The global economy seems trapped in a "death spiral" that could lead to further weakness in oil prices, recession and a serious equity bear market, Citi has warned.» Read More
Vasu Menon, Vice President, Wealth Management at OCBC, says Chinese authorities are trying to ensure that China grows by at least 7 percent in 2015 so that there will be stability in its economy.
John Wilson, Stock Broker at Morgans Financial, says Australia's mining stocks may get a leg-up from the better-than-expected Chinese GDP data, but iron ore prices will remain the determining factor in the long run.
Jonathan Pain, Author of The Pain Report, discusses the better-than-expected data deluge out of China early Tuesday and explains why he expects authorities to continue their easing plans.
If China reveals a GDP reading that is lower than its growth target, it indicates a "new normal" with an emphasis on higher quality growth, says Louis Kuijs, Chief Economist, Greater China at RBS.
While China's fourth quarter growth could moderate to 7.2 percent, that doesn't indicate a major deterioration in the economy, says Martin Lakos, Division Director at Macquarie.
CNBC's Steve Liesman reports CNBC's Rapid Update shows fourth quarter GDP tracking at 3.2 percent.
U.S. economic data and GDP keeps continuing to flourish, and it's expected to keeps its strong pace as we enter 2015, says Jens Nordvig, global head of FX strategy and co-head of global markets research of the Americas at Nomura Securities International, Inc.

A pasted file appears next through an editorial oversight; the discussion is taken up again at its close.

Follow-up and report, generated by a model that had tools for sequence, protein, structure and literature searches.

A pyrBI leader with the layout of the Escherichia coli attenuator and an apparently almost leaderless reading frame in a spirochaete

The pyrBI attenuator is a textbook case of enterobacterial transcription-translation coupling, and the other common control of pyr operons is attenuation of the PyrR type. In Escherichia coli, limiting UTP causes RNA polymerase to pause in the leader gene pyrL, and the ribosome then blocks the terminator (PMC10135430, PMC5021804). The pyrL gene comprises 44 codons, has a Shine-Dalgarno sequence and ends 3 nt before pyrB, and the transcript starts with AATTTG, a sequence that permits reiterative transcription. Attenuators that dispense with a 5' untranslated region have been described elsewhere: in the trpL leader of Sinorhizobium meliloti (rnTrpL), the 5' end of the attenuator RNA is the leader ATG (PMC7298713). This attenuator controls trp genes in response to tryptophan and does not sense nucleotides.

Digging into economic growth in the U.S. in 2014, and what to expect next year, with Stephen Sachs, ProShares, and Joshua Feinman, Deutsche Bank. Sachs says the effects of interest rates will be minimal.
Tony Nash, Vice President of Delta Economics, outlines his concerns for the U.S. economy in the first quarter of 2015.
Peter Schiff, CEO at Euro Pacific Capital, says recent monthly indicators have been weak, which suggest that economic growth in the fourth quarter could drop to around 2 percent.
Jeffrey Kleintop, Chief Global Investment Strategist at Charles Schwab, expects improving growth momentum around the world to fuel a rally in equity markets next year.
Ward McCarthy, Jefferies and Company, doesn't think the 5 percent GDP will be sustainable long-term. CNBC's Rick Santelli dissects the data.
Kenny Polcari, O'Neil Securities, reacts to strong GDP numbers and what the data may mean for the markets.
Discussing today's GDP-fueled market rally, with CNBC's Ron Insana and John Silva, Wells Fargo Securities.
CNBC's Sara Eisen takes a close look at the outperformance U.S. economy, particularly the dollar.
Mark Skousen, Chapman University, explains why he thinks gross output is a better way to measure the U.S. economy than GDP, with CNBC's Rick Santelli.
CNBC's Rick Santelli breaks down the latest data on the economy as durable goods drops 0.7% while GDP leaps 5-percent.
Brad McMillan, chief investment officer at Commonwealth Financial Network discusses what to expect from the U.S. markets today.
The fastest growth is not in megacities like Tokyo, but second-tier ones that many Americans have never heard of.
Thursday's data indicate that the U.S. economy has improved and 2015 looks like a stronger year in terms of growth, says Stephen Wood, Chief Market Strategist at Russell Investments.